The newest Harry Potter book is really a play written by Jack Thorne based on a story by Rowling. The change in format affects the storytelling -- a lot of the pleasures of Rowling's world-building and descriptions are gone, but the dialogue shifts the focus from plot to relationships. It takes a little getting used to, but quickly becomes a compelling (and quick) read. A bigger issue is the fact that unlike the original seven, this story is clearly meant to appeal to adults, and those skeptical of fantasy in particular. Underlying the play was the sense that Thorne was telling us "yeah, it's got wands and spells, but it's really about fathers and sons!" It's not that that's a bad thing, necessarily, but I missed the whimsy and fun of the originals.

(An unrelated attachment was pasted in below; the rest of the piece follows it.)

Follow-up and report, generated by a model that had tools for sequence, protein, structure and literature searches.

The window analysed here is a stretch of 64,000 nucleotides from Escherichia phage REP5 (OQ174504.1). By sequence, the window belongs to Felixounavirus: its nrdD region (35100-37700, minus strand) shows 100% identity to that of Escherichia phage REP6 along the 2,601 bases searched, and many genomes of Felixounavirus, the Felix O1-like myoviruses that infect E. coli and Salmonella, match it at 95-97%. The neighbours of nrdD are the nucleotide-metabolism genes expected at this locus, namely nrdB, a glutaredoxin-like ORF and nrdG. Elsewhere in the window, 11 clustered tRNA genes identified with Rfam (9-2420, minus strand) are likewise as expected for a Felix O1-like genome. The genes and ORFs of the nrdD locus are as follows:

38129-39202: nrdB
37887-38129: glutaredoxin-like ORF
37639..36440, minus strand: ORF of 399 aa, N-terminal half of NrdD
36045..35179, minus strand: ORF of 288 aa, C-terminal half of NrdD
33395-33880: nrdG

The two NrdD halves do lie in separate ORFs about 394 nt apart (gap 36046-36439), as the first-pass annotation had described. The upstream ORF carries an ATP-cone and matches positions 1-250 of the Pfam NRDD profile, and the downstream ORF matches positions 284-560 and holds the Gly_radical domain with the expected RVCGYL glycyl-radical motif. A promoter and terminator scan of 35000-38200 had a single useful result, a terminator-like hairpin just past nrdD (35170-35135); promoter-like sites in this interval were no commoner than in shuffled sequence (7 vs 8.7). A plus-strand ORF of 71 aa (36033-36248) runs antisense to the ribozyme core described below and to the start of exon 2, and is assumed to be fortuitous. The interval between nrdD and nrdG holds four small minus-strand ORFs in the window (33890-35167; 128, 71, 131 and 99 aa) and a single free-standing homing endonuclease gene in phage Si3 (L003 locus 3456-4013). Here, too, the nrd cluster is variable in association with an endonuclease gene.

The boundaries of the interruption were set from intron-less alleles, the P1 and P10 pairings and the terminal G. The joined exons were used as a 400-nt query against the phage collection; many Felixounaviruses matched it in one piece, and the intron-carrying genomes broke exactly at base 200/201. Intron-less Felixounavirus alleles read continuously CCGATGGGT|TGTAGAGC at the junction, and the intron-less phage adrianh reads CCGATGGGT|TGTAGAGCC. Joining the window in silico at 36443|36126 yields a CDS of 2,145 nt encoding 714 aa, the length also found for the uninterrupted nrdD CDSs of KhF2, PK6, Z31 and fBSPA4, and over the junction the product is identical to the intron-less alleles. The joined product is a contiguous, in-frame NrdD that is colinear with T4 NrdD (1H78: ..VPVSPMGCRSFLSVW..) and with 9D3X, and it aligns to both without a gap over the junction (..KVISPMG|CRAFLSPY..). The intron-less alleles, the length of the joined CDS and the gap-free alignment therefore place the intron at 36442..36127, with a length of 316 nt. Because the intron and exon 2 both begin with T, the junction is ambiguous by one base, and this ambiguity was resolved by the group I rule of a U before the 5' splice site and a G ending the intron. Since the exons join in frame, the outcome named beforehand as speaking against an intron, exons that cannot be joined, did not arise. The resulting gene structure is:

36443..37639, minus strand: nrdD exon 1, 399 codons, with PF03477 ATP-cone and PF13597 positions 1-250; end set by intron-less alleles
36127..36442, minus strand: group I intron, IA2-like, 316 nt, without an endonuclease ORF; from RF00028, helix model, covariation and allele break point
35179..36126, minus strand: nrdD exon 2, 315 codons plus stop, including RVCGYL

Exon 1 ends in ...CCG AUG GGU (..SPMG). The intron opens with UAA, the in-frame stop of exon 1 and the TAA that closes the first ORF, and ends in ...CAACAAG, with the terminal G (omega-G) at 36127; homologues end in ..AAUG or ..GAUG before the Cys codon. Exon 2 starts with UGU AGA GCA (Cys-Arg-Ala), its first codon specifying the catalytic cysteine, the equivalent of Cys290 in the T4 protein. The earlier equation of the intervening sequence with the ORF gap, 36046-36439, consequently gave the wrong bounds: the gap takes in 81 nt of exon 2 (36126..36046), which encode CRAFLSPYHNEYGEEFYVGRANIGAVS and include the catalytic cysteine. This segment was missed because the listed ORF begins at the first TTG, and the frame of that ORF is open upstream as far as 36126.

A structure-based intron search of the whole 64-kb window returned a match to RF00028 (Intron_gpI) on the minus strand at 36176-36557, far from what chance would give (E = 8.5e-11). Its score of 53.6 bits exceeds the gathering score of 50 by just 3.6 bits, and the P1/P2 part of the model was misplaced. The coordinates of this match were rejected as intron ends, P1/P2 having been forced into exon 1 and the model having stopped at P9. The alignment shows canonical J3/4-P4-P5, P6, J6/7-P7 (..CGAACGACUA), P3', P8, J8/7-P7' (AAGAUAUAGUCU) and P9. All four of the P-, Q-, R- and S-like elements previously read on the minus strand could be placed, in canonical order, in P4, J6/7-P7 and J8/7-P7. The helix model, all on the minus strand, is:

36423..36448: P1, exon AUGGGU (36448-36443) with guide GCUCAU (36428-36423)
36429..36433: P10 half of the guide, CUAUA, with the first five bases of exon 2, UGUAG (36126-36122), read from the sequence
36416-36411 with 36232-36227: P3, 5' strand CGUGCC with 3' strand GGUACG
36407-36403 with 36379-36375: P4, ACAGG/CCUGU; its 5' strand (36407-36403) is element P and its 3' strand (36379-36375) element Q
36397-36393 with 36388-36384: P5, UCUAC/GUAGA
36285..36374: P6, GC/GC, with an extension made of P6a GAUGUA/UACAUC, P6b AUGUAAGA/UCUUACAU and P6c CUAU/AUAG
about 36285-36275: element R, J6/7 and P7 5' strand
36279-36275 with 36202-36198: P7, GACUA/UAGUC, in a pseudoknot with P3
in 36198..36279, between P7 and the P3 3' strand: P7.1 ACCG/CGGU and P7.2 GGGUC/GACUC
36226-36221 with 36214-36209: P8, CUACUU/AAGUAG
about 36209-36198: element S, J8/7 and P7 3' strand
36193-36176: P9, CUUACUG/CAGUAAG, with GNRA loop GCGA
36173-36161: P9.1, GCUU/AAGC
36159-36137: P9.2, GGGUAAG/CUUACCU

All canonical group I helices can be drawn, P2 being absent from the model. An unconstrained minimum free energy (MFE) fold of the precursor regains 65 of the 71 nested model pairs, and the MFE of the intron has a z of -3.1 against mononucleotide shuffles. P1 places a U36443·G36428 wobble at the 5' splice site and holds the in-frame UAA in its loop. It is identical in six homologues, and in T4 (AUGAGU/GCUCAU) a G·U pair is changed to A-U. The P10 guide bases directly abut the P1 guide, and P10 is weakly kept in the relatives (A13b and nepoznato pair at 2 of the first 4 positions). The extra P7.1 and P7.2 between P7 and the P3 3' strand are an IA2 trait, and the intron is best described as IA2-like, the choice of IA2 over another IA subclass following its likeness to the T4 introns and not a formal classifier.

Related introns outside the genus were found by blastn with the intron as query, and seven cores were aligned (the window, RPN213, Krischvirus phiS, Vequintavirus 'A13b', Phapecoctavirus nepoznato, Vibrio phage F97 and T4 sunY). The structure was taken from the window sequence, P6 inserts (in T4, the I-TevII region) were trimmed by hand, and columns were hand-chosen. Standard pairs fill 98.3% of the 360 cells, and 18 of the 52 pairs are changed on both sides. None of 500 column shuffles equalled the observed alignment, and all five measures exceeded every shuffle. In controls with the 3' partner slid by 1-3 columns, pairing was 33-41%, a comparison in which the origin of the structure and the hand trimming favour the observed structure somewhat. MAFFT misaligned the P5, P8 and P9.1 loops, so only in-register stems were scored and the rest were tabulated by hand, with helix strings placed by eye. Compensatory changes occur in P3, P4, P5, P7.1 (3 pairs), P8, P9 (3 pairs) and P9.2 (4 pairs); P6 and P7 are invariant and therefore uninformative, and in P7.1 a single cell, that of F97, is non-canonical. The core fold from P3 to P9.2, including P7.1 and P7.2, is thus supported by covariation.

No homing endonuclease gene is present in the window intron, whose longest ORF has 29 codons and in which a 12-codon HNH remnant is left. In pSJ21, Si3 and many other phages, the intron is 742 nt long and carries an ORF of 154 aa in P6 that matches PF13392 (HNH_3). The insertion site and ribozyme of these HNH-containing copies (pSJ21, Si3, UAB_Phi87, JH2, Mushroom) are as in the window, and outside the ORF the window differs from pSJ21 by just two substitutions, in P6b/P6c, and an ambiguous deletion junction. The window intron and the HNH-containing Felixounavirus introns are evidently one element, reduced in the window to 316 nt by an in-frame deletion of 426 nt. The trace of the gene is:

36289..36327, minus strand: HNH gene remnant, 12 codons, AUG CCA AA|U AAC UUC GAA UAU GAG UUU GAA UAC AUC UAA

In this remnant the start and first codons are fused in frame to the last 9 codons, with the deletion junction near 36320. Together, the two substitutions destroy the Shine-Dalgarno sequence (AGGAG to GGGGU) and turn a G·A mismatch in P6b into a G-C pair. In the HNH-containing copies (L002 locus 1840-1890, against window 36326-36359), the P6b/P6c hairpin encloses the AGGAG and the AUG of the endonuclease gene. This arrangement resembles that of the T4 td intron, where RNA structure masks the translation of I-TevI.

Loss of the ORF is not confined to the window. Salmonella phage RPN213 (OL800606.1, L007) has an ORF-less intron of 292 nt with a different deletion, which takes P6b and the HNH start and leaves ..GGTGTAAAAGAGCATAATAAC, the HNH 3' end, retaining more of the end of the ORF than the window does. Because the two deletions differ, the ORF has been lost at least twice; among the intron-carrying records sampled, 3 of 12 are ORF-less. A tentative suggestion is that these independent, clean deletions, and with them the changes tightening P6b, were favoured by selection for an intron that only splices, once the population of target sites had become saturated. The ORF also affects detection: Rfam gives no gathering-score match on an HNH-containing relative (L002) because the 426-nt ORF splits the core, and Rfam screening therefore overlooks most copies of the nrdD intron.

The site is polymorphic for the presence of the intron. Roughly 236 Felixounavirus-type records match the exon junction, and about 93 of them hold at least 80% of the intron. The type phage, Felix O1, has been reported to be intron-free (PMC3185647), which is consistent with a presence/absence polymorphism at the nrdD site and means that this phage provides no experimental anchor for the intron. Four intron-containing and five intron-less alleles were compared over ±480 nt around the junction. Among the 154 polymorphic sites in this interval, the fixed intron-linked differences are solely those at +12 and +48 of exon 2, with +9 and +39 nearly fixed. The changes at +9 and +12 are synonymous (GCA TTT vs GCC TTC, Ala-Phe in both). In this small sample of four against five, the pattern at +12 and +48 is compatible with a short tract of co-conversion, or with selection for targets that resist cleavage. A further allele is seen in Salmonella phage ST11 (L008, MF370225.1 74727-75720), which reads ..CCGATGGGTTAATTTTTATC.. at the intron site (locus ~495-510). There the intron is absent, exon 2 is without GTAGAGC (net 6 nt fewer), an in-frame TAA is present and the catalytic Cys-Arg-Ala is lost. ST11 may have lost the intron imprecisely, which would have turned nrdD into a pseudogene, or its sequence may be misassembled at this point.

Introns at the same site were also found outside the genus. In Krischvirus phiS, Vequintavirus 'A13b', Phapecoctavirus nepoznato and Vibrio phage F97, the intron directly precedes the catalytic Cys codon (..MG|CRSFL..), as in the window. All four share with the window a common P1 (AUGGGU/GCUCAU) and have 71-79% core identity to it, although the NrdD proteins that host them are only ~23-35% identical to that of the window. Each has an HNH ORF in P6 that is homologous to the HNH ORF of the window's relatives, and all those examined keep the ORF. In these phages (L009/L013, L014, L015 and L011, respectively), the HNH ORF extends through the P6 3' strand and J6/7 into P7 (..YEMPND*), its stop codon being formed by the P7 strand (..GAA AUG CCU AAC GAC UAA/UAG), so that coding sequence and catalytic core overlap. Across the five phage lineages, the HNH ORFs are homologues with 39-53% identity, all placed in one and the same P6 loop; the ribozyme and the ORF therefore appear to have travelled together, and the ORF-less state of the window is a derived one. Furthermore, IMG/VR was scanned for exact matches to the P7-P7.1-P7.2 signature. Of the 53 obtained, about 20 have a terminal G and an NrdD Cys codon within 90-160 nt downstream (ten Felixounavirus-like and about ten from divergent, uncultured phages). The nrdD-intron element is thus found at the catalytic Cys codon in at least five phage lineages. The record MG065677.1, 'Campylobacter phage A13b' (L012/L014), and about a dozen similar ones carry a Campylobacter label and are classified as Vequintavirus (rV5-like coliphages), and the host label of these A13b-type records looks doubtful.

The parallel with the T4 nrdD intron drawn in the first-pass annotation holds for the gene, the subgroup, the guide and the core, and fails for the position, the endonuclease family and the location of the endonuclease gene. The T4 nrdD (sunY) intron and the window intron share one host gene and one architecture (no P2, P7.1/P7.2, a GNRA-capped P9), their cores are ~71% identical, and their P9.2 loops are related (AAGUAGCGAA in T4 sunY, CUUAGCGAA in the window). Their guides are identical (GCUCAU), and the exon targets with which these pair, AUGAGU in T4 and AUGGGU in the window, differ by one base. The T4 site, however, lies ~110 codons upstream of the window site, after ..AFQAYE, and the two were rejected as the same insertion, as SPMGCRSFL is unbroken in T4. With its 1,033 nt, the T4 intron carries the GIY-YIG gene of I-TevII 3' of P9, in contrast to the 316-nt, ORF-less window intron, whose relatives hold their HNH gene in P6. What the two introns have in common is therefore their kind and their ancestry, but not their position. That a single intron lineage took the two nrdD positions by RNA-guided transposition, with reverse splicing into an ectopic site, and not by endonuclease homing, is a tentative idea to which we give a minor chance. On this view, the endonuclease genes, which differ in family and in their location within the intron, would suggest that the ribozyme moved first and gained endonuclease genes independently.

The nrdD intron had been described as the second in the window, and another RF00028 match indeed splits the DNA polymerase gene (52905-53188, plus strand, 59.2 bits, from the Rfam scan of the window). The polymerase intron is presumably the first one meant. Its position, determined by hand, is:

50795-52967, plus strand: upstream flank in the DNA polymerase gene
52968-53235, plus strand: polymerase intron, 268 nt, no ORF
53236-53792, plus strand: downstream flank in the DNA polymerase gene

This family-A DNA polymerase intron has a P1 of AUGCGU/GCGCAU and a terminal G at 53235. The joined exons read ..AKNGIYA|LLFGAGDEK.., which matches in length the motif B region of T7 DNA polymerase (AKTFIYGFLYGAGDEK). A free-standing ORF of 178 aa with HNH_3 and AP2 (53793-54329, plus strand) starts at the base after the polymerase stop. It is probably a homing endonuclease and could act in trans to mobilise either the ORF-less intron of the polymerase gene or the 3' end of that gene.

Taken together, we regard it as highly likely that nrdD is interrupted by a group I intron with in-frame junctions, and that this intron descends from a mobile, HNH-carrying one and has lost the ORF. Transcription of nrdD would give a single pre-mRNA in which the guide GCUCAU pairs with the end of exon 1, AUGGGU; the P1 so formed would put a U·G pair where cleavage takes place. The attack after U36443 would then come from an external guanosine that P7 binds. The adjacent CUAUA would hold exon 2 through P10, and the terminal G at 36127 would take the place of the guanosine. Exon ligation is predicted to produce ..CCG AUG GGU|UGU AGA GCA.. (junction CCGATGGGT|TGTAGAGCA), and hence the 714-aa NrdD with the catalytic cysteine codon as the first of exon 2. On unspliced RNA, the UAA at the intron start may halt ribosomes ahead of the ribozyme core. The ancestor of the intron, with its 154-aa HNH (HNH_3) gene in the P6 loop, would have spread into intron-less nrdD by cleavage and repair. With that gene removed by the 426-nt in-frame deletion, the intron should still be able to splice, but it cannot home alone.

There were enjoyable parts -- I got a kick out of how many people in different timelines were shocked by the idea of Ron and Hermione's marriage (that pairing always seemed forced), and I liked that the plot had a time-turner as a MacGuffin. Rowling created them for Prisoner of Azkaban, but quickly realized their existence pretty much ruined the plot of the series, so she had them all destroyed in Order of the Phoenix. With this story, Rowling and Thorne explain just how dangerous it is to mess with the timeline; a hoary subject, to be sure, but necessary to show how they should not have been used to try to defeat Voldemort.